Saturday, March 3, 2018

Douglas Messerli | on Gypsy's "Everything's Coming Up Roses" from My Favorite Musical Theater Songs


“Everything’s Coming Up Roses”
Composer: Jule Styne and Stephen Sondheim
Singer: Ethel Merman
Composers: Jule Styne and Stephen Sondheim
Singer: Rosalind Russell, 1962
Composers: Jule Styne and Stephen Sondheim
Singer: Shirley Bassey, 1965
Composer: Jule Styne and Stephen Sondheim
Singer: Angela Lansbury, 1989
Composrs: Jules Styne and Stephen Sondheim
Performer: Tyne Daley, 1989
Composers: Jule Styne and Stephen Sondheim
Singer: Bette Midler, 1993
Composers: Jule Styne and Stephen Sondheim
Singer: Bernadette Peters, 2003
Composers: Jule Styne and Stephen Sondheim
Singer: Ruthie Hensall
Composers: Jule Styne and Stephen Sondheim
Singer: Patti Lapone, 2008

Composer Jule Styne’s and Stephen Sondheim’s Gypsy, I must admit, is not at all my favorite musical, the fact of which I  have loudly expressed over the years despite my having seen the film version, Angela Lansbury and Patti Lapone on stage, and the TV production with Better Midler.
     Yet I love Styne and his compositions, and both Howard and I know, personally, his lovely granddaughter, Caroline Styne, who opened, with Suzanne Goin, the popular West Hollywood venue, Luques. And I can never  quite put down Gypsy, listening to its songs again and again.
     
     Part of the problem with the musical is that the most brilliant song, “Rose’s Turn,” is an almost impossible piece to perform, and is totally impossible for the audience to take home as a “best song,” although it is clearly one of the most consummate musical performances of the theater; Ethel Merman, Rosalind Russell, Bette Midler, Bernadette Peters, and Patti Lapone have all remarkably attempted it, but it still is not a hummable, take-home song. Memorable, yes, but not something except the most remarkable of singers might even tackle; it’s truly not hummable, not what I’ve ever demanded of any song included here, but still not one of my most memorable experiences: it’s a painful expression of life lost and talent ignored, and even the singer diminishes it with her “could have / would have” comment. She might have been great, but she wasn’t, and she knows it. And the song truly exposes those problems.
     Once again, this musical is filled with lovely and memorable tunes: “You’ll Never Get Away from Me,” “Little Lamb,” and many, many more. And all of them make you want to cry.
     But there is only one song that expresses the fierce determination of the central character, Rose, who controls her children so severely that both must eventually escape her handling of them. That song, so very forcefully sung in the original production by Ethel Merman, establishes not only her previous hold of her daughter, Baby June (June Havoc) but her attempt to hold close her other daughter, Louise (the later Gypsy Rose Lee). Merman sings it so utterly strong that you know she will most certainly prevail, and her poor daughter will simply have to endure it. Well, that’s the plot.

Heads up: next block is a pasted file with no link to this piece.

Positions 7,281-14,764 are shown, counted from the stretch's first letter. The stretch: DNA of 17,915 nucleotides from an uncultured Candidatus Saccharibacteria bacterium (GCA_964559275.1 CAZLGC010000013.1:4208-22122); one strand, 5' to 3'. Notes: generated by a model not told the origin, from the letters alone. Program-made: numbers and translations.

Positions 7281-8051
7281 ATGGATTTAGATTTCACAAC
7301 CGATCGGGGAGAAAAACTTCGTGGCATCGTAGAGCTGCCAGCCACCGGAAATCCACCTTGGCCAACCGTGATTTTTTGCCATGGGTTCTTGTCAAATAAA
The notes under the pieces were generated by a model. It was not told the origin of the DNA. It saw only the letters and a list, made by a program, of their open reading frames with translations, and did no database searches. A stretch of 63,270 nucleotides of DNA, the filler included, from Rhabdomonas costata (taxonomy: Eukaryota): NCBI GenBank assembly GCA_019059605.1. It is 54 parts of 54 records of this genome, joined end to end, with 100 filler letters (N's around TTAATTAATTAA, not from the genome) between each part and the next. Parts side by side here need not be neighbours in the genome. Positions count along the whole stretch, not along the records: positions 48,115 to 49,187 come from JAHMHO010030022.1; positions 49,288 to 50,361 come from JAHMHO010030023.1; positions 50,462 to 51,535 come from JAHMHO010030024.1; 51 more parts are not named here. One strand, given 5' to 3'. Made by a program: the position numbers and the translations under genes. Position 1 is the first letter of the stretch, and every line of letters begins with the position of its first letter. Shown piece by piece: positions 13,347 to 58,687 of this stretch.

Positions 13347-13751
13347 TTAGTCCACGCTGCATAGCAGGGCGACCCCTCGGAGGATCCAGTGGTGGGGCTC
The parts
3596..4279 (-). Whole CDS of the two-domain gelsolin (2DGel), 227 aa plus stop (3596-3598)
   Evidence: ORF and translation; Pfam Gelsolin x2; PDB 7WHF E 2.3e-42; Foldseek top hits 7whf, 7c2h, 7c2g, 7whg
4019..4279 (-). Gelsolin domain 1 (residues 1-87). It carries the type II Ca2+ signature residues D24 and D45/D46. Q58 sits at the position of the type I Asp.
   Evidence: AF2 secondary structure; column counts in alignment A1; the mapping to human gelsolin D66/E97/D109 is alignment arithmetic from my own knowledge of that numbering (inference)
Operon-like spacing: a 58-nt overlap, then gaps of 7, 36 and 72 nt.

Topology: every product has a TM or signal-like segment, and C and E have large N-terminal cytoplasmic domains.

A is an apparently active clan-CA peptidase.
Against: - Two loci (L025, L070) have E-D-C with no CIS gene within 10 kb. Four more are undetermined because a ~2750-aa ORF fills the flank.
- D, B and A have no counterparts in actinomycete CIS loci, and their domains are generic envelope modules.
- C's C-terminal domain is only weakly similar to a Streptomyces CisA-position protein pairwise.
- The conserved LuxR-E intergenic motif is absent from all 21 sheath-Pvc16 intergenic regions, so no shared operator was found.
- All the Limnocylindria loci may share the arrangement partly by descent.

Yet others such as Angela Lansbury, and, particularly, Bette Midler, and Bernadette Peters sang it much more subtly and ironically. Although the song never lost its powerful demands of the future, Midler and Peters, particularly, were able to express the utterly insane demands in which everything is turning up “daffodils,” “Santa Claus,” etc, without actually mocking those same simplistic tropes. We know that they are utterly impossible requirements for the very untalented Louise, but we also recognize the powerful demands or her desperate mother, desperate not only for her daughter to achieve her talent, but to represent herself (best expressed in “Rose’s Turn”) her own mother’s would-be achievements. It is perhaps one of the most painful songs ever sung, a ballad to a future that is totally impossible to achieve, despite the frenetic insistence of a truly mad mother. If the child does ever accomplish anything—and, obviously Gypsy Rose Lee did—we already know it will be nothing of the kind that the mother demands. And the sad truth, when this child becomes a strip-tease artist, tells us about how Rose never could quite comprehend her transformation into the lowest levels of American culture, even though Gypsy Rose Lee struggled throughout her life to return to redemption through her pretense of sexual sins. It was a pretense that is so sad that, today, we can hardly assimilate it.
    Gypsy is a harsh and hard musical which I could never quite embrace. But its aspirations, its desires are at the heart of the American experience, which, of course, is the problem of the American experience. Yet, her emblem to possibility, “Everything’s Coming Up Roses,” is something no one can truly ignore.

Los Angeles, March 2, 2018

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